which is terribly unpleasant

Rewatching Morse - now up to Last Seen Wearing. It’s a decent episode - one where Morse and Lewis have some real clashes regarding method. One of the things I’ve always loved about this series is how often it lets its protagonist’s actions have catastrophic consequences - unlike Lewis.Morse’s rashness is dangerous. On the other hand, Morse is terribly snobbish in this one, which gives the episode an unpleasant feel.

Fun to catch Morse reading Lewis. The other Oxford Lewis, that is. Not Robbie. Not even Carroll.

Season 2, episode 2.

thoughts on ‘respect’.

respect, of course, is earned. but what is it? it’s a nebulous admiration or understanding, usually framed in a positive light. 

i think respect– at least in interpersonal relationships– comes from, mostly, consistency. i respect the nice, calm, religious people on campus: because they have shown themselves to be accepting and positive. 

of course, there are situational exceptions: most people, if they are taken to the Oval Office, will respect the presidential position. not all, but the position itself holds prestige that inspires respect. 

some people define ‘respect’ as ‘doing what they want you to do’– this is how ‘respect’ is used in the phrase “respect your parents”. and in a sense, this too is respect learned from consistency. if you do not do what they want you to do, you will get in trouble, which could range from the unpleasant to the downright terrible.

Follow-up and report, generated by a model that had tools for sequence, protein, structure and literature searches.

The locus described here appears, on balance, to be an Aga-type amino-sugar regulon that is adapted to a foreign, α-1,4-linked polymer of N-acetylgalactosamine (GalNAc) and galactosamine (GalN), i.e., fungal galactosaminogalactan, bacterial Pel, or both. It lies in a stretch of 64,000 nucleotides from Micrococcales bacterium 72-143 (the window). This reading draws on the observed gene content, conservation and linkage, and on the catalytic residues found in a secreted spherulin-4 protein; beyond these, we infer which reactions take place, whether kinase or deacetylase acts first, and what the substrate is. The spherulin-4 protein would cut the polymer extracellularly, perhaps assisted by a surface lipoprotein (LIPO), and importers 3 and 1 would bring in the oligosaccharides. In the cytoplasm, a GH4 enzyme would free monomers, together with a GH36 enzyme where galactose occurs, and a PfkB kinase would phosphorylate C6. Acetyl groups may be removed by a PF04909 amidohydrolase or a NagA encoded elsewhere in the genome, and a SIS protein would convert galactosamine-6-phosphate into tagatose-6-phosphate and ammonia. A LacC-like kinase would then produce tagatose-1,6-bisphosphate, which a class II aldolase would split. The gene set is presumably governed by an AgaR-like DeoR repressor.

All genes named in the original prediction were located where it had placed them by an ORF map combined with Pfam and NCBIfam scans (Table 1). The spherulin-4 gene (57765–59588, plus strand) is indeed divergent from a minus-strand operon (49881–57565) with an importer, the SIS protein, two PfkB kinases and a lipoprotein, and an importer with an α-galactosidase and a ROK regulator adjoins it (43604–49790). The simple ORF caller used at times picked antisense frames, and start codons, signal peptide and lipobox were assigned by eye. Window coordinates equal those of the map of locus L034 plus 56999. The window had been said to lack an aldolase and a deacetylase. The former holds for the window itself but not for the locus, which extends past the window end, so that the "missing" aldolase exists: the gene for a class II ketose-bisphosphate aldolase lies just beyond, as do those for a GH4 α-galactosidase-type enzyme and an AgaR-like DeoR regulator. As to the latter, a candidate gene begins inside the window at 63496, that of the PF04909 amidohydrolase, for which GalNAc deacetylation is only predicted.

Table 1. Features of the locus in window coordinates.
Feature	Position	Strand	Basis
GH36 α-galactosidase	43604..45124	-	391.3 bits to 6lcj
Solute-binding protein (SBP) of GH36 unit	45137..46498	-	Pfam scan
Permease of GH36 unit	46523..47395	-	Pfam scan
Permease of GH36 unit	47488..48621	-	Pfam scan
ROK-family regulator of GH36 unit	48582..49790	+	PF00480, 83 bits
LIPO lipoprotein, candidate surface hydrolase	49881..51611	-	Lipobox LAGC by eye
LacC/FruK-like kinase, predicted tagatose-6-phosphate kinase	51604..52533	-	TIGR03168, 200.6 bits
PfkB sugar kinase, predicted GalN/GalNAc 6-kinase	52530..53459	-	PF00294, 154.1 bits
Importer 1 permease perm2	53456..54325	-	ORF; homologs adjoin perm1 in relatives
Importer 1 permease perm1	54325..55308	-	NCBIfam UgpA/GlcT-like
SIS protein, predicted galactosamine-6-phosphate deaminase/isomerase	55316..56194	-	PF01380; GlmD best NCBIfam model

and i wouldn’t say that an abuse victim stays with their partner out of ‘respect’– but in many cases, it does come from a place of knowing what their partner is capable of, and a gut feeling about the lengths to which their partner will go to keep them in control. which i guess would be reasonable fear. 

is fear, then, the opposite of respect? i think they are two sides of the same coin, especially in older linguistics– “the fear of God”, for example… 

in my relationships class, “resentment” was poison to love, leading to controlling behavior and overall a huge factor in breakups, according to studies.

respect and love. 

fear and resentment.

makes for a nice little square, there. 

you don’t need to like or dislike someone to respect or fear them. 

you need to be closely affected by someone to truly love or resent them.